The extension project for the Unterlinden Museum in Colmar encompasses two ensembles facing each other across the future Unterlinden Square: on one side, the medieval cloister with the chapel currently housing Grünewald’s Isenheim Altarpiece and, on the other, as its counterpart, a new wing similar to the chapel in volume which, together with the former municipal baths buildings, form a second courtyard on the other side of the Unterlinden Square. Between the two, a house marks the museum’s presence in the city.
Architect: Herzog & de Meuron, Basel, Switzerland
Location: Colmar, France
Project Name: Extension musée d’Unterlinden
Address: Place des Unterlinden, Colmar, France
Competition: 2009, project 2010 – completion 2015
Client: City of Colmar, France
Site Area: 7,900 sqm
Cost of the operation: €24.5 million, before taxes
Total surface area: 7,900 square meters
Expected attendance: 500,000 visitors each year
Cultural budget allocation by the City of Colmar: 16%
Linking the convent with the new wing is an underground gallery comprising three successive exhibition rooms passing through this little house. The latter’s generous window space offers a view of the Unterlinden Square and vice versa.
1) Old Dominican monastery of Unterlinden
Entrance hall, educational hall, shop, Archeology, Fine art, folk art, decorative art
“Matin Schongauer” hall, Hall of the Issenheim altarpiece (old church)
2) “Public baths”: hall for conferences, events, meetings and café
3) New wing : modern art collections and temporary exhibitions
4) Sculpture garden
5) Underground gallery : Museum history and artworks from 19th to early 20th century
6) “Tiny house”
The refurbishing of the Square is an important part of the extension project. The intention here is not to impose a modernist or contemporary architectural intervention but rather, to partially recreate the city’s original historic fabric such as the reopening of the Sinn Canal which will bring back an axis of symmetry between the two ensembles of buildings.
Hence, it is from the Unterlinden Square that one enters the museum’s ensemble as well as the new boutique and the internal distribution. The convent’s facade composed of elements dating from different periods, is to be handled unobtrusively and precisely. The existing museum within the cloister as well as the chapel, representing a current exhibition surface area of 3,300 m2 will be updated to comply with contemporary safety standards. This work is carried out in close collaboration with the French national heritage, also responsible for the restoration.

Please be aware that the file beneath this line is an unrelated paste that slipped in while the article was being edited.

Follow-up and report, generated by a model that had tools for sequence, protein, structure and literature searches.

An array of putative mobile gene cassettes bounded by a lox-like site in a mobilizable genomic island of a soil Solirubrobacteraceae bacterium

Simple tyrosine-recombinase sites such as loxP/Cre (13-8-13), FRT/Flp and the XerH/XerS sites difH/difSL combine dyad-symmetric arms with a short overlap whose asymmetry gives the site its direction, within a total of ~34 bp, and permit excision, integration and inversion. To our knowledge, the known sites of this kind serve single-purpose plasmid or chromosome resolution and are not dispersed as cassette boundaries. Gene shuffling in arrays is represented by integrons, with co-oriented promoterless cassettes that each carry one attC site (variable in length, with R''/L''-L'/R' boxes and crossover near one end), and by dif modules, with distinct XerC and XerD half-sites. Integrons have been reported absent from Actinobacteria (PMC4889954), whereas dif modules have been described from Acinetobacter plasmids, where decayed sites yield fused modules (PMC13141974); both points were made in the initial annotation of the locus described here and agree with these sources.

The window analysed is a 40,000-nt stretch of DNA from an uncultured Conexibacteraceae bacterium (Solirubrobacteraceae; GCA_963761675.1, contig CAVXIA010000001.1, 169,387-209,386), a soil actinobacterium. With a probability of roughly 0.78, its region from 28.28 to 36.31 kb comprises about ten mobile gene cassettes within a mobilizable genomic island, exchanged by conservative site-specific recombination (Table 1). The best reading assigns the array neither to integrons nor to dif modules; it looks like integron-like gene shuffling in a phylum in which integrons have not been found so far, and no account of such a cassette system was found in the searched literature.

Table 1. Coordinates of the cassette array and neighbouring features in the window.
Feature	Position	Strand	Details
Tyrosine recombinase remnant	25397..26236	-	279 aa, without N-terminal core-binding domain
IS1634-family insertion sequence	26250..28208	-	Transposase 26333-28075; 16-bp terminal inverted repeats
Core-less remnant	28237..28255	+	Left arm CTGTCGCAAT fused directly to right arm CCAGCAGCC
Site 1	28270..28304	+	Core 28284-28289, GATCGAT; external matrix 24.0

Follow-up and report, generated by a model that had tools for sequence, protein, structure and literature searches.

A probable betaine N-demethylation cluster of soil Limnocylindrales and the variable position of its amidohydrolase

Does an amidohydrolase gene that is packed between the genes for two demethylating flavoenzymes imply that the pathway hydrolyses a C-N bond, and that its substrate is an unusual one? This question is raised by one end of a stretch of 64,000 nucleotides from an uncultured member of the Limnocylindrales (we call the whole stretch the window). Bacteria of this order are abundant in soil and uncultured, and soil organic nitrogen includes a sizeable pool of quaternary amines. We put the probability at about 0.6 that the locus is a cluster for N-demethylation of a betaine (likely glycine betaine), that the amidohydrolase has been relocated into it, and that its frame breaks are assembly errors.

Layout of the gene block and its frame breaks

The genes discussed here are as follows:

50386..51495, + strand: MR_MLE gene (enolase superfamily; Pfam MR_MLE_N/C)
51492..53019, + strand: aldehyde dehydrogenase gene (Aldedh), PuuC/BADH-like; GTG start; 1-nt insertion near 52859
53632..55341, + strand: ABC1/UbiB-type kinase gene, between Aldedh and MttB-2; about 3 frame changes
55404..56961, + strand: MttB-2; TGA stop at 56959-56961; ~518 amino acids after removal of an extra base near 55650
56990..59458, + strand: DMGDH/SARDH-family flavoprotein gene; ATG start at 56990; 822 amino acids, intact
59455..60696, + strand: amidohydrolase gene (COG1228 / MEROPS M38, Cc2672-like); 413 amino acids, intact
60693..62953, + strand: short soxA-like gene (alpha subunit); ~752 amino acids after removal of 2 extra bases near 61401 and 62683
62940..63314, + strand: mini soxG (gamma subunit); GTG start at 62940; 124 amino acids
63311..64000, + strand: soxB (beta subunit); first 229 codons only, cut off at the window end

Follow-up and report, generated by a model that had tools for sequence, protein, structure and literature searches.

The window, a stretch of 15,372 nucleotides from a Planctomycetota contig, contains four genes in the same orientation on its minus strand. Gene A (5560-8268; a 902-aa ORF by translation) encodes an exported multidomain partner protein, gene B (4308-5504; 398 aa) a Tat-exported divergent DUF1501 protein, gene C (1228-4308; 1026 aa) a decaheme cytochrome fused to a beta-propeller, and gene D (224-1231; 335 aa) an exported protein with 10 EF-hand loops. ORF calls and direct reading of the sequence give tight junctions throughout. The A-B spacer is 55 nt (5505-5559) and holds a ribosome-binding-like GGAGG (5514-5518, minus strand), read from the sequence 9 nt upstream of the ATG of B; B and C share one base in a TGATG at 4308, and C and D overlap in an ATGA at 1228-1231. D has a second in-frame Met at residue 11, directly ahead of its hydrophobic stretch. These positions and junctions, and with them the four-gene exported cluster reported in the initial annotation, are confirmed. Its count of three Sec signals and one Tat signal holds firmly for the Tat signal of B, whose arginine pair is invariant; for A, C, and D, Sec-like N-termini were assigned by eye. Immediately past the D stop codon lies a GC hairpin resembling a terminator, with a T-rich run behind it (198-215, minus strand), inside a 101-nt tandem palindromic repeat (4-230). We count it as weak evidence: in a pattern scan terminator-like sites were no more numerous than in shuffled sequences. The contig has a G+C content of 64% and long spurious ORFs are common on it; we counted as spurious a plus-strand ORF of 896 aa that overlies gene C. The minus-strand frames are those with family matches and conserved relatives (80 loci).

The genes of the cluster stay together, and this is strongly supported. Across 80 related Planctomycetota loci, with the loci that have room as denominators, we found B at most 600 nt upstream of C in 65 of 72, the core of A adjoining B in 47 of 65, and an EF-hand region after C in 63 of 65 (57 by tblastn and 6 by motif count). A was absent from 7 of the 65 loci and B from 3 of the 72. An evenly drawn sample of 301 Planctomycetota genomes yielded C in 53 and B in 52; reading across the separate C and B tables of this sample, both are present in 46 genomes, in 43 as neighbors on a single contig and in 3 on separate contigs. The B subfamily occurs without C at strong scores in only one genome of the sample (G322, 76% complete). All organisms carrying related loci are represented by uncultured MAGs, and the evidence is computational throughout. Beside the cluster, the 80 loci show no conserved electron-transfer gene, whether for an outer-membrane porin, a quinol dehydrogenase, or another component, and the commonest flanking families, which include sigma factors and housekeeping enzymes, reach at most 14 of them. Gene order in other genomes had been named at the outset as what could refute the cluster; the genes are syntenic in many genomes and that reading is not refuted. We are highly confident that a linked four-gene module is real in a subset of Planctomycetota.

The new wing, similar in volume to the Dominican convent chapel, brings to mind but does not imitate Archaic architecture. Its broken brick facades enable the recreation of a rough texture that integrates the building into its historic context at the heart of Colmar. Roofing and gable rake are to be in copper. The small house on the square is planned in the same materials.
The new wing’s three-storied building, specifically intended to hold temporary exhibitions and the 20th- and 21st-century collections, increases the exhibition surface by 1,400 m2. Its openings frame specific views of the city, thus orienting viewers and punctuating the space with natural light. These windows are a transformation between a rectangular form on the inside and an ogival one on the outside.
The first floor features a connection between the former pool and the new wing, with the space of the former pool to serve as both an events venue and a space for art installations that do not require climatic control. This will turn the pool into an attraction pole for the people of Colmar, who will use and visit the space during a variety of events. Meanwhile, the courtyard facades, originally hidden by the secondary function of the municipal baths, are to be renovated in a historic perspective. The former pool’s ground floor will provide the Tourist Office with new representative spaces offering direct access to the Unterlinden Square facing the museum’s main entrance. The former municipal baths’ administrative offices, to be delicately renovated, will house the museum offices and those of the Société Schongauer.
Our project brings together three dimensions in a close and logical association: the urban, the museographic and the architectural. The Unterlinden Museum, in terms of both its architecture and its content, is part of the city’s history. We have set out to make that relationship manifest in a novel architectural synthesis able to project the museum into the future.